Updated: Nov 24, 2022
Do these skills get acquired only if a child appears in short term courses, oratorical competitions and debates? Perhaps yes. But these competitions and courses come about once in awhile. Being able to communicate clearly and mingle with others is something all of us need on a daily basis. How can one make it a way of life, a second nature even?
The subject of Artificial Intelligence (AI) always sends jitters when one contemplates the possibility that it will take over the future leading to several jobs becoming irrelevant. "What are the skills my child should acquire to be able to survive in a future that is dominated by AI?" could be a highly likely question that must have come up in many of your minds as a parents. While the future may seem all bleak, there is hope. There is something that cannot be ever replaced by artificial intelligence, which is feelings, empathy for one another, the recognition that when we support one another, a lot is possible. Even something really tough, becomes doable. Teacher/journalist and TEDx speaker Neerja Singh in her article, The Feeling Economy in Teacher Plus, contends, "Projections are that a caring, sharing, collaborative or emotional economy is coming, a way of conducting life and business that will involve people and their relationships."
There is something that cannot be ever replaced by artificial intelligence, which is feelings, empathy for one another, the recognition that when we support one another, a lot is possible.
If what she contends turns out to be true, being able to speak impactfully in front of an audience will be only one of the required skills. It would be come increasingly important to develop other skills such as
The ability to show another peer empathy,
To provide a helping hand when someone stumbles while making speech or a contribution in a group discussion,
Disagree with grace for the purpose of achieving a good solution to a problem rather than with the desperate need to win.
Support one another.
Speaking as a collaborative activity:
The above skills need time and repeated opportunities. Opportunities in which it is not only about developing one's own capabilities but also by supporting one another as we grow together in confidence. Avenues to exchange interests and discover new ones makes a huge difference to confidence.
A recent contribution by a couple of readers at the Young Readers' Club brought everyone together to explore geography, specifically exploring the names of countries and their locations across the world. The contributions were two games called Globle and Worldle, both involving memory and the ability to read the world map, understand directions and distances to be able to correctly guess the mystery country of the day. What this initiative by the readers has helped bring about a sense of meaningful camaraderie in an online platform. It has led to casual conversations between the members that inevitably translates into something so much more powerful and intangible- peer support.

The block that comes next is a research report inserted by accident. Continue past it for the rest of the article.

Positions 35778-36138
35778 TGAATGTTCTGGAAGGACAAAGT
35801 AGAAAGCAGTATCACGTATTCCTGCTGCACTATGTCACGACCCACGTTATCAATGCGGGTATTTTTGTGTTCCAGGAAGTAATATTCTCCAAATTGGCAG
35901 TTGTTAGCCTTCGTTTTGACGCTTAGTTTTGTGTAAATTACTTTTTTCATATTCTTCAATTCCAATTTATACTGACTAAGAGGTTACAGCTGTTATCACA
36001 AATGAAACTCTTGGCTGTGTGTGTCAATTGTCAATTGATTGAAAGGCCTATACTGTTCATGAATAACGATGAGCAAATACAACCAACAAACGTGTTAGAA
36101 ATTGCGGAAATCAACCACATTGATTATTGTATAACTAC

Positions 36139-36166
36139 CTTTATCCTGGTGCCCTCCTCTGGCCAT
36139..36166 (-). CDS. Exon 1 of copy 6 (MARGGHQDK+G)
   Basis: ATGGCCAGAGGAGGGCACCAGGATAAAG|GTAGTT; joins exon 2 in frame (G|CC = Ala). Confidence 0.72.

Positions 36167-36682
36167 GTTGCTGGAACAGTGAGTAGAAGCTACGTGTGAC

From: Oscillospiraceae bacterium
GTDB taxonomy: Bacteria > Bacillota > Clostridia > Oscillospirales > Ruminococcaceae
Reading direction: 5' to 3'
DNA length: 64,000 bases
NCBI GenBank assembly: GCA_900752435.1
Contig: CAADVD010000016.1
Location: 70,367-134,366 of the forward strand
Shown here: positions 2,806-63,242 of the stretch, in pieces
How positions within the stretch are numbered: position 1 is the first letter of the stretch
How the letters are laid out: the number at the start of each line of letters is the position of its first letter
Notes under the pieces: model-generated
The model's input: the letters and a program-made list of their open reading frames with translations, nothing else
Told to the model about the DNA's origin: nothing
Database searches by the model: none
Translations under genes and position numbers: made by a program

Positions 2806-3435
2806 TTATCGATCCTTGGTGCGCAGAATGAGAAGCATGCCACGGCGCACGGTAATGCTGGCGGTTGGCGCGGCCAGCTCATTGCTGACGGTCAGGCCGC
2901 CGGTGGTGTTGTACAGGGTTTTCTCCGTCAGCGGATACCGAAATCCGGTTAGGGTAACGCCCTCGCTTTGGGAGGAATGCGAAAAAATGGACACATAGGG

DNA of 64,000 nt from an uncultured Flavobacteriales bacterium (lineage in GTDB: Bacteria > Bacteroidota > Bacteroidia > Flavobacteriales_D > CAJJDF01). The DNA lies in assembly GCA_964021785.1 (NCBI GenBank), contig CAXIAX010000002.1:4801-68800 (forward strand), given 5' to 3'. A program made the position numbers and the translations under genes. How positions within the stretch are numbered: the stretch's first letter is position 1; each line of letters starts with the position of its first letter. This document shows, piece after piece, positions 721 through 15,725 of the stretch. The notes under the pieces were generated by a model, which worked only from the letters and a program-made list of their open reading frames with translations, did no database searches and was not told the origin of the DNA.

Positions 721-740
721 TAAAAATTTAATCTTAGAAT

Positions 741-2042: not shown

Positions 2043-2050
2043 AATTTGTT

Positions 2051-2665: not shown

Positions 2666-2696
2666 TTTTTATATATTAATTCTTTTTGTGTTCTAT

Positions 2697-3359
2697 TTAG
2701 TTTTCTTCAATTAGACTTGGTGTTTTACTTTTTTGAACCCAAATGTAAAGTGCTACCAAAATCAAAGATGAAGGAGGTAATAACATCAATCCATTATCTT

Be it a challenging vocabulary building or writing activity or even a difficult book for that matter, these readers come together and there is this unspoken camaraderie that translates into support. They remind each other not to give up. They say, "Give us more time, we will figure it out or let's give this book a chance. The author has spent time and hard work creating this book." They talk about the parts that they liked and brutally criticise ideas at times. Similarly, teens at the Young Writers' Club use articles we read to discover different ways if interpreting the same text, observe writing approaches and help one another to express freely. They have grown open to new perspectives and have come to the realisation that there is never a single perspective to anything. Just as someone's perspective changed their way of thinking, their own perspective if expressed can help someone else too. This outward focus, the realisation that one can be of help to another, helps children gain confidence. This is not possible in individualistic oratorical and debate competitions. It needs to be way of life, something that happens regularly in a child's life.
They have grown open to new perspectives and have come to the realisation that there is never a single perspective to anything. Just as someone's perspective changed their way of thinking, their own perspective if expressed can help someone else too. The outward focus, the realisation that one can be of help to another, helps children gain confidence.
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Both weekday and weekend batches are available at the Young Readers' Club. While this program is for the 8-11 age group, the Young Writers' Club program for the 12-14 age group offers a weekly platform to read and discuss curated articles from the news, observe writing approaches and practise one's writing skills.
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